Focus groups – new motorcycle models live and die by them. When Yamaha
explained that the 2012 WR450F was created using the input from current WR owners, I cringed a bit. As a former employee of one of the Japanese big four, I’ve seen new models projects go off the rails when it came time to digest and unify customer data into a single focus for the next big thing. I can safely say after two days on the totally redesigned WR450F that Team Blue got it right.
After polling current owners Yamaha found out that almost half of the current WR450Fs are used in tight trails and woods. That’s three times as many desert WR riders. Additionally many of those polled race GNCCs or hare scrambles, and a majority classified themselves as intermediate or expert racers and riders. When asked what improvements they would like to see in the 2012 WR450F, lightweight handling, front suspension feel and fuel injection topped the list. With that Yamaha setout to give their loyal WR riders what they wanted – a race oriented woods weapon.
To create a lightweight feeling (note the word “feeling” as it weighs the same as the previous model) the Tuning Fork engineers began with a bilateral-beam aluminum frame sourced directly from the 2012 YZ250F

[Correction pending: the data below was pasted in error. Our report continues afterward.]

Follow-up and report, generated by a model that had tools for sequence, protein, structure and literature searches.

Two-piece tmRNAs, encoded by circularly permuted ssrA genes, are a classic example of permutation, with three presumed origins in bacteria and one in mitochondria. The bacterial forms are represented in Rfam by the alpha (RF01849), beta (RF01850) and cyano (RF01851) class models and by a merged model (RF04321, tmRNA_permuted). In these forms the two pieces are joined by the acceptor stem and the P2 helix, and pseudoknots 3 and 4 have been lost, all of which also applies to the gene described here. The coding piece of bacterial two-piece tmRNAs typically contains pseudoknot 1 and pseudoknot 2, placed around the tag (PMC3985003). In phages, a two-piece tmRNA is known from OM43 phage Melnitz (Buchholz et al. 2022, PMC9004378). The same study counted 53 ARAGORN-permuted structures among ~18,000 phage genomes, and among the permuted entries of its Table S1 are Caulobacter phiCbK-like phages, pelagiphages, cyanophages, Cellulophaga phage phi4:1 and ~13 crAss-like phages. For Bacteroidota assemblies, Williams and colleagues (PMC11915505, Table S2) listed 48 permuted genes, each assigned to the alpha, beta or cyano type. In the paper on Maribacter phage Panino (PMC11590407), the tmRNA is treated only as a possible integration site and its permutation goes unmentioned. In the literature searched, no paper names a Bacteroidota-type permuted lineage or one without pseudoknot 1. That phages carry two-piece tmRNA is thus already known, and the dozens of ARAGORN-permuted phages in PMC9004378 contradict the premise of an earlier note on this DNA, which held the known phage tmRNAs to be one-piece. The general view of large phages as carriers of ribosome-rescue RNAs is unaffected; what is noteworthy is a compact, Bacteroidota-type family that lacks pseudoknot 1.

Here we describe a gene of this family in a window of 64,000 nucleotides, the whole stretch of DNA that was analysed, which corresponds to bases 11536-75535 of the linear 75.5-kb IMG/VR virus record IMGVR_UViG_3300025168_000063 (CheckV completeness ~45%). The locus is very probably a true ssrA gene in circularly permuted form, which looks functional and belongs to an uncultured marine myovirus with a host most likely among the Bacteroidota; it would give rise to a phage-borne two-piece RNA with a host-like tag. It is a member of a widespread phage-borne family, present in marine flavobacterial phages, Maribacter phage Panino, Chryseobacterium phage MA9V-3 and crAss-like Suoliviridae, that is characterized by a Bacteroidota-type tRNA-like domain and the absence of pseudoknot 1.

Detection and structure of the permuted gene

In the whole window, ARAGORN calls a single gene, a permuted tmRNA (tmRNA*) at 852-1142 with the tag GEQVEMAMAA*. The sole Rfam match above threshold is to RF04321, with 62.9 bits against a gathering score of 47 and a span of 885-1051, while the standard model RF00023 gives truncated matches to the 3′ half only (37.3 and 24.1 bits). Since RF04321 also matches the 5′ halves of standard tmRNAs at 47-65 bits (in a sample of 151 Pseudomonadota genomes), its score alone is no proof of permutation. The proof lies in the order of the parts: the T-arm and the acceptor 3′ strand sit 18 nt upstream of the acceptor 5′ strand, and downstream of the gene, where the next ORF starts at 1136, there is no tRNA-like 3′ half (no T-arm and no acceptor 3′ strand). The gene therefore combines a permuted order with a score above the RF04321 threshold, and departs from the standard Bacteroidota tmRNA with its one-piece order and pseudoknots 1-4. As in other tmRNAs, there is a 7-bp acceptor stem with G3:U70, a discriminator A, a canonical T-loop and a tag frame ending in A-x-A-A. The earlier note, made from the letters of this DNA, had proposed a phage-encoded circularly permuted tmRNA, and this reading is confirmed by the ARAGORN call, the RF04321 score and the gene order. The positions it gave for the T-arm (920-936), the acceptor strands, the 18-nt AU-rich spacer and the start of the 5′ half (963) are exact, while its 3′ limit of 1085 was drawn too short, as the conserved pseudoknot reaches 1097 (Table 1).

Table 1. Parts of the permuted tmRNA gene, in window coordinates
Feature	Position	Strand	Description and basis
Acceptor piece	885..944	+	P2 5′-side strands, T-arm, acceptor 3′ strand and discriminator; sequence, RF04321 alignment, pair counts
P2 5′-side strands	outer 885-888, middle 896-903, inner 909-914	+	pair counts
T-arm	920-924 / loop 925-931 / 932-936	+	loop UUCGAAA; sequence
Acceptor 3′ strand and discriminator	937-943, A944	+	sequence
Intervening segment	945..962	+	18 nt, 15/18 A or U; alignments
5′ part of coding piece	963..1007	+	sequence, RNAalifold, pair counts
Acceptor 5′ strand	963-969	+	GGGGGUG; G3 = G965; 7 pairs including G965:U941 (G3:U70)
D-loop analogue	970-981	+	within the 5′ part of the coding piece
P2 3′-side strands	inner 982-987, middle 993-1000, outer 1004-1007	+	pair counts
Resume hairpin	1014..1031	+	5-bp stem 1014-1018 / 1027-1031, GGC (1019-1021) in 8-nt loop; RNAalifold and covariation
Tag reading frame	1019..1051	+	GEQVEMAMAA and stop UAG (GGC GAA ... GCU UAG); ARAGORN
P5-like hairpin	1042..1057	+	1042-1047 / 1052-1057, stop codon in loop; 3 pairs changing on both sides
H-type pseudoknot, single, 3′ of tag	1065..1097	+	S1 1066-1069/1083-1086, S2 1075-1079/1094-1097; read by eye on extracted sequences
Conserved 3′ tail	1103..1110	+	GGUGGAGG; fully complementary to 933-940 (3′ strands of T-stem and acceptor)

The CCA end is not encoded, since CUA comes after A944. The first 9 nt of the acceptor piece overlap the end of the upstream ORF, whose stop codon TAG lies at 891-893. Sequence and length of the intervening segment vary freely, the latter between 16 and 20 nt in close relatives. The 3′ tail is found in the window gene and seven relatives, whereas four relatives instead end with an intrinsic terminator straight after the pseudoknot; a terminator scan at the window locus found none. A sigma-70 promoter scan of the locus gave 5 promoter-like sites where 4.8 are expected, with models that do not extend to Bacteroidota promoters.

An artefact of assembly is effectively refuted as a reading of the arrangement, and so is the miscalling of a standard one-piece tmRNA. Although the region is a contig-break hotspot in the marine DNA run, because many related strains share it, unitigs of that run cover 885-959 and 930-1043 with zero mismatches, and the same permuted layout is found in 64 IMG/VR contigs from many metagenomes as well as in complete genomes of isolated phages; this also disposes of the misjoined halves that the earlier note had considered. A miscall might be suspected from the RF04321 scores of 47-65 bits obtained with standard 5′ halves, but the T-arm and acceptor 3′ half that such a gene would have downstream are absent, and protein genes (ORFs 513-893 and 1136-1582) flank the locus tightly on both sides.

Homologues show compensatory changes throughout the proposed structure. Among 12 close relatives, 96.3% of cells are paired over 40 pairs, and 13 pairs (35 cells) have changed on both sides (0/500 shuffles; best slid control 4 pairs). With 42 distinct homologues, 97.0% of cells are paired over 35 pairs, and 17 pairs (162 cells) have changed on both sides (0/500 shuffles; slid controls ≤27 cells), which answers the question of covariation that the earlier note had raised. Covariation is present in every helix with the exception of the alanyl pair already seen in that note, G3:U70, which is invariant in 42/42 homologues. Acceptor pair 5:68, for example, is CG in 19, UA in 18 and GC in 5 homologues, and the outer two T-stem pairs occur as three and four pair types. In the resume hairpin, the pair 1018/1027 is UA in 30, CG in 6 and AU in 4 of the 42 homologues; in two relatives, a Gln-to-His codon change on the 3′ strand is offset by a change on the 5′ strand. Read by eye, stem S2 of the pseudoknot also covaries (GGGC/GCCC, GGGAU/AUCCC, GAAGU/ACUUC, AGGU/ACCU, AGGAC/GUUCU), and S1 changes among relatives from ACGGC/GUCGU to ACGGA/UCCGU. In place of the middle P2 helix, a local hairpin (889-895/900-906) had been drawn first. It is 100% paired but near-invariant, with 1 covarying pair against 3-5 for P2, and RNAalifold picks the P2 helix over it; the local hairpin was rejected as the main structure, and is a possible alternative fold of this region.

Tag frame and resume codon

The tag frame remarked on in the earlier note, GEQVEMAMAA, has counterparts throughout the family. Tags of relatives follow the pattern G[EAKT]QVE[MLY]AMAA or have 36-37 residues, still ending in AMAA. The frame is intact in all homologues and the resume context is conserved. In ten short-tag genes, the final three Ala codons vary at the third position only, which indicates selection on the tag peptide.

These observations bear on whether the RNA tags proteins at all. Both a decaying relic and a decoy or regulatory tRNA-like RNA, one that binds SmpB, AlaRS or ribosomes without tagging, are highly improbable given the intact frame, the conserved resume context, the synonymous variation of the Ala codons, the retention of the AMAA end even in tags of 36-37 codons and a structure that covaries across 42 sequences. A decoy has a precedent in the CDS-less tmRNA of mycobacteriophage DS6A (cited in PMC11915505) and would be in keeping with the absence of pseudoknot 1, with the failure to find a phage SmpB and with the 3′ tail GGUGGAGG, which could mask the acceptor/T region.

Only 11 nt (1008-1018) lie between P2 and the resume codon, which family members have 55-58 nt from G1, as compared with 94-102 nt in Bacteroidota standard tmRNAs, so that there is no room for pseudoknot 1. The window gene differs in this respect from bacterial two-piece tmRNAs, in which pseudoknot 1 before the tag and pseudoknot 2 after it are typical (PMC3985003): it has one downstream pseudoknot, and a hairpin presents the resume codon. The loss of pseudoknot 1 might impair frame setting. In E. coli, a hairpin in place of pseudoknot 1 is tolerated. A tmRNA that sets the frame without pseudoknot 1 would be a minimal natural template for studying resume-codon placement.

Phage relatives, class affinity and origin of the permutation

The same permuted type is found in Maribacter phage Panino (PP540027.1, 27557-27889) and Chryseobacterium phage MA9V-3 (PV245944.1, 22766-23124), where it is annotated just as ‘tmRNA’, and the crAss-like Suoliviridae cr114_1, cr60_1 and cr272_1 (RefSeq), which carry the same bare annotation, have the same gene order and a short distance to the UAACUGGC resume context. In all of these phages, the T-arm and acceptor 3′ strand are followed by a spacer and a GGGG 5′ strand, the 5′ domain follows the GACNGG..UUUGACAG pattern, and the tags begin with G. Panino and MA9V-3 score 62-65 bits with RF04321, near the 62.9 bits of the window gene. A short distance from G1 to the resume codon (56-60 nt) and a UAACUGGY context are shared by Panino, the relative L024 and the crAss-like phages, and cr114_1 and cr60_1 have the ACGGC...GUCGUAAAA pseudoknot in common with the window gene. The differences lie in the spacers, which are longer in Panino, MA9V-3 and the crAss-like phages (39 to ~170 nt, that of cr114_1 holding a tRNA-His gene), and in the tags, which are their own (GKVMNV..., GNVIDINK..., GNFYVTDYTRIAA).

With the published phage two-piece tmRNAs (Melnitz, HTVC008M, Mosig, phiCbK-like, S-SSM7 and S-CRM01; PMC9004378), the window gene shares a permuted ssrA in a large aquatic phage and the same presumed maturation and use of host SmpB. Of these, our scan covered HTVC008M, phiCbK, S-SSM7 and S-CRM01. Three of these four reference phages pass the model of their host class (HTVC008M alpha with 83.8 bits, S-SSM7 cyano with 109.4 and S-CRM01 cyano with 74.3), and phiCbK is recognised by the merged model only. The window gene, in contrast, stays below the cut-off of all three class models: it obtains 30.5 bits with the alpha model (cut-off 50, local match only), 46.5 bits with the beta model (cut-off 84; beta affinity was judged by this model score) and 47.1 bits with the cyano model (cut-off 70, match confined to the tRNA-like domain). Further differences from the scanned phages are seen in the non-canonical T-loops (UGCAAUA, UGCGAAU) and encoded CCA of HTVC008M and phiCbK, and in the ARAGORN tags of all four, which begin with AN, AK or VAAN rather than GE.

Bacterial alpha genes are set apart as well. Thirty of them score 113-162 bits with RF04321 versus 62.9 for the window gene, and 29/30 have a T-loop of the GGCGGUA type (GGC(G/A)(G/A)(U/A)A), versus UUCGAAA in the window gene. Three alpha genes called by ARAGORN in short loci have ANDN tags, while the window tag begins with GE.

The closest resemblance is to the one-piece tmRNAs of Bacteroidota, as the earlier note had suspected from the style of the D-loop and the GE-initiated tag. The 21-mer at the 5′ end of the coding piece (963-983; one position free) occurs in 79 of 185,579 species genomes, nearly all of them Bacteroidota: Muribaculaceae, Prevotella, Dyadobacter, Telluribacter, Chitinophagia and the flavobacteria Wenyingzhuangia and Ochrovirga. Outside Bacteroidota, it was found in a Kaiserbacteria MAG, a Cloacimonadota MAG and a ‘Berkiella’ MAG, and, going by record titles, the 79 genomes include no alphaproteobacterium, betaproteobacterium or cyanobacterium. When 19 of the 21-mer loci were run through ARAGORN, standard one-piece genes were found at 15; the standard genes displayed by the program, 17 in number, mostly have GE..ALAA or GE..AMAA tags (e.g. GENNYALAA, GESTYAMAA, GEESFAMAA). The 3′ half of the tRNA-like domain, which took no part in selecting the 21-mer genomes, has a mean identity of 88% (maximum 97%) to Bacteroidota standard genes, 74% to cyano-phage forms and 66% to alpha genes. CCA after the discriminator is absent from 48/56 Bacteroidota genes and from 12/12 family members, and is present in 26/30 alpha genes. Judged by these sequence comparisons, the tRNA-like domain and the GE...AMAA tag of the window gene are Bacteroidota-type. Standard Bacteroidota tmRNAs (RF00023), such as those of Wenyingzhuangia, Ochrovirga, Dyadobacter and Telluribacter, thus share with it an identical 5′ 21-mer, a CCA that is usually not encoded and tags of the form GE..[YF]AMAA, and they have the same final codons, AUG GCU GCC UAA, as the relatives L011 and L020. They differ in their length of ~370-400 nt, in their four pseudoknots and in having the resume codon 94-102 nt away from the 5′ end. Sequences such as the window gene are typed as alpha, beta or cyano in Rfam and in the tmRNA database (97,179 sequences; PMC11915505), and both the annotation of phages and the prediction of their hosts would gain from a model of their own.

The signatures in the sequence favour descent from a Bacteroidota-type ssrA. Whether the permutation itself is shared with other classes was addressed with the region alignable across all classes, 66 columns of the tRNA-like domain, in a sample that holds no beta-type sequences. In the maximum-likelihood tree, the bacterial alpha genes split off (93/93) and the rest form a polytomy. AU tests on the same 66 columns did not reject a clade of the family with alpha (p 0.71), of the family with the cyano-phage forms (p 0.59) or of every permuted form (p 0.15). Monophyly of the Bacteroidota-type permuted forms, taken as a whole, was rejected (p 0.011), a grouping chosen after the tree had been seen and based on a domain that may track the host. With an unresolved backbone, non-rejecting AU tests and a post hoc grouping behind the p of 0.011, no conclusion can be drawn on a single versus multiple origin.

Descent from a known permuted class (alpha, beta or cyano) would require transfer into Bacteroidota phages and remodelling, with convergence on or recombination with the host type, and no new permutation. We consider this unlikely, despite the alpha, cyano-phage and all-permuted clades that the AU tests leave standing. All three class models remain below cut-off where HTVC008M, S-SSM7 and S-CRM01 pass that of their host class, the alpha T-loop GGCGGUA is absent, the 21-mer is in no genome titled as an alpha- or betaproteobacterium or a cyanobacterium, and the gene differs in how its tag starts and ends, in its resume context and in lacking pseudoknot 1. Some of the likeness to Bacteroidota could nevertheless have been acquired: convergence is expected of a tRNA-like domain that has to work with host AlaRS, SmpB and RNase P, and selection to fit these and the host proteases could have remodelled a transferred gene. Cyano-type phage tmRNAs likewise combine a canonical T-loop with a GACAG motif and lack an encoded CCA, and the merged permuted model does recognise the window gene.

. By using the small-bore MXer’s skeleton makes for a greater torsional and horizontal rigidity and more-nimble handling. Additionally the new frame increases the ground clearance by 7mm and lowers the rear of the seat and fender 11mm.
The 2012 WR450F's frame is virtually identical to the 2012 YZ250F.
Inside that new frame, the tried and true 449cc five-valve engine from the previous model has been repositioned. To get the rotational mass of the dual overhead cams closer to the center of the chassis to increase the lightweight feel, the engine has been rotated back in the frame 5mm.